A retrospective study that investigated the effectiveness and feasibility of fibroid enucleation in the anterior wall of the uterus by transverse uterine incision during cesarean section.
A retrospective study that investigated the effectiveness and feasibility of fibroid enucleation in the anterior wall of the uterus by transverse uterine incision during cesarean section has found no significant differences in numerous factors and outcomes compared to enucleation performed through a subserous incision.1
The study in BMC Pregnancy and Childbirth concluded that the leiomyoma number, pathological type, preoperative and postoperative hemoglobin level, perioperative bleeding incidence, blood transfusion frequency, postoperative fever incidence, and duration of lochia were similar for both groups.
The anterior approach allows the myoma of the uterus to be removed, without adding a new uterine incision, thus preserving the integrity of the uterine tissue as much as possible and reducing the potential of eventual uterine and pelvic adhesion.
The study was comprised of 90 pregnant women, with an average age of 34.7 years, who were diagnosed with anterior uterine fibroids and admitted to the second Department of Maternal and Child Health Hospital of Fujian Province in China between January 2015 and December 2019.
Patients were divided into 2 groups, according to the method of enucleation of the largest leiomyoma: enucleation through the incision margin of the lower segment of the uterus (n = 40) (study group) and enucleation via a subserous incision (n = 50) (control group).
There were no significant differences between the two groups in patient age, body mass index (BMI), weight, height, gestational age, gravidity, parity, previous history of cesarean section or myomectomy, primipara, emergency cesarean section, abnormal fetal position, and neonatal weight.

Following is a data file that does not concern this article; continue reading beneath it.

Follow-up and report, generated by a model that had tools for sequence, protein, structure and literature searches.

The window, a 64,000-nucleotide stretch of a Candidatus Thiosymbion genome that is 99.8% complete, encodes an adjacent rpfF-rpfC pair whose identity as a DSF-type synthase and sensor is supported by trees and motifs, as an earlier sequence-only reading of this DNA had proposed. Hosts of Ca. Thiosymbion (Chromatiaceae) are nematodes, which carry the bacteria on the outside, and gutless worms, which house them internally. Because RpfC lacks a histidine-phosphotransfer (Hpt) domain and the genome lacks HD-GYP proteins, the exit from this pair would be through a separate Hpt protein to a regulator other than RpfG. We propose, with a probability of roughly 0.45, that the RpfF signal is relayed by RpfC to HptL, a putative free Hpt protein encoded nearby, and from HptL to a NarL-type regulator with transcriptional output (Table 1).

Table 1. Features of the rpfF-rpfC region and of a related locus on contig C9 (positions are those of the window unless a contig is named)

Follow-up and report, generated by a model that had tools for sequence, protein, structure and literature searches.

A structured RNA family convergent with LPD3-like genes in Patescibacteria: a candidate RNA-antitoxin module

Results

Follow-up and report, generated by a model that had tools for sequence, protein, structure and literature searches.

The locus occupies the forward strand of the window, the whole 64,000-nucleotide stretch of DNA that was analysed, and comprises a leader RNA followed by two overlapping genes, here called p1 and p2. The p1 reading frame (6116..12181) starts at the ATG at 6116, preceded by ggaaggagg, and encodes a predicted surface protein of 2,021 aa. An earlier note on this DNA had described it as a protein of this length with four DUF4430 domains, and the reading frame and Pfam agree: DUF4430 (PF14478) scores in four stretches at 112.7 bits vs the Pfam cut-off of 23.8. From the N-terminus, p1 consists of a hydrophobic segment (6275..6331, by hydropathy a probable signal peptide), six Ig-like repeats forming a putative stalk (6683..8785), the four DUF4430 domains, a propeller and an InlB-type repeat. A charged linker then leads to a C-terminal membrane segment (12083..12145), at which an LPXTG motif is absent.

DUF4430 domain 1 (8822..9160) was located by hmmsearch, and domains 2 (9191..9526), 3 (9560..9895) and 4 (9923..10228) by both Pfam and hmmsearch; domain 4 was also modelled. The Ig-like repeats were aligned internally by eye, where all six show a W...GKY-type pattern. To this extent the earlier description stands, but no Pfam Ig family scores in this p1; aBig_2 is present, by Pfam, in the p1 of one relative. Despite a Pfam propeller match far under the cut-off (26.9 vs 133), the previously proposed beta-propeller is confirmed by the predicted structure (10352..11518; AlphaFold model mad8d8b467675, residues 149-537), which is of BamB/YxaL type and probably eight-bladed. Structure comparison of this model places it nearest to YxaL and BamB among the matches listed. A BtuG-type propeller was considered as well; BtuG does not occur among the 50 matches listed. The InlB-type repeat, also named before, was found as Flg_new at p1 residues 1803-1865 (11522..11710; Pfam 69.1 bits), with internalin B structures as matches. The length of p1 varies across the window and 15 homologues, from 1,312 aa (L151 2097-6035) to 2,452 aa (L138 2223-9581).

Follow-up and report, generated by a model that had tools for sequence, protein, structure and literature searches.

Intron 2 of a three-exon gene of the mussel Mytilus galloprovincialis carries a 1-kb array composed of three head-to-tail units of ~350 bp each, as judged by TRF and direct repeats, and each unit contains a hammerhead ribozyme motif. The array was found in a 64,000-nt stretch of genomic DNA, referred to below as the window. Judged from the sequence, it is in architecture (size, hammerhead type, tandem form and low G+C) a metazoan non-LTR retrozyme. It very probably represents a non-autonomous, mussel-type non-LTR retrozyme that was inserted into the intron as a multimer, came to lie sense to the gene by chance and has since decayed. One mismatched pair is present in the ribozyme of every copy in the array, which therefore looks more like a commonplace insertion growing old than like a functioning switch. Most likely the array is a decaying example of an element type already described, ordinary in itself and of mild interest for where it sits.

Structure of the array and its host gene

Likewise, there were no significant differences in the incidence of obstetrical complications, such as gestational diabetes mellitus, gestational hypertension, premature rupture of membranes, placenta previa, and placental abruption (all P > 0.05).
Among the cohort, there were five cases of fetal growth restriction (6%); six cases of fetal distress (7%); one case of fetal death at 22 weeks of pregnancy; but no cases of neonatal asphyxia.
The number of cases with the largest fibroid diameter of ≥5 cm was higher in the study group than in the control group: 73% vs. 42% (P = 0.00).
Similarly, the proportion of type III-V fibroids was higher in the study group: 80% vs. 60%, respectively (P = 0.04 )
The total operation time in the study group was a median of 83.3 minutes, which was slightly longer than the median of 72.5 minutes in the control group, yet the difference was statistically significant (P = 0.04).
However, the postoperative hospital stay in the study group was slightly longer than that in the control group: median 3.6 days vs. 3.2 days, respectively (P = 0.01).
Of the 90 patients, one patient in the control group had postpartum hemorrhage, one study patient and two control patients had a blood transfusion, and two study patients and three control patients had fever after surgery.
All patients were followed up for at least 6 months, and there was no difference in the time of lochia cleaning between the two groups.
“Whether or not to remove uterine fibroids simultaneously during cesarean section remains controversial,” wrote the authors, noting that “many pregnant women prefer to eviscerate the myoma of the lower part of the uterus simultaneously during cesarean section.”
The authors stated that fibroid enucleation in the anterior wall of the uterus has the potential to eventually reduce the risk of pelvic and intrauterine adhesions.
1. Dai Y, Xia L, Lin J, et al.Study on the method of enucleation of anterior uterine fibroids by transverse incision of the lower uterine segment during cesarean section. BMC Pregnancy Childbirth. Published online November 3, 2021. doi:10.1186/s12884-021-04226-1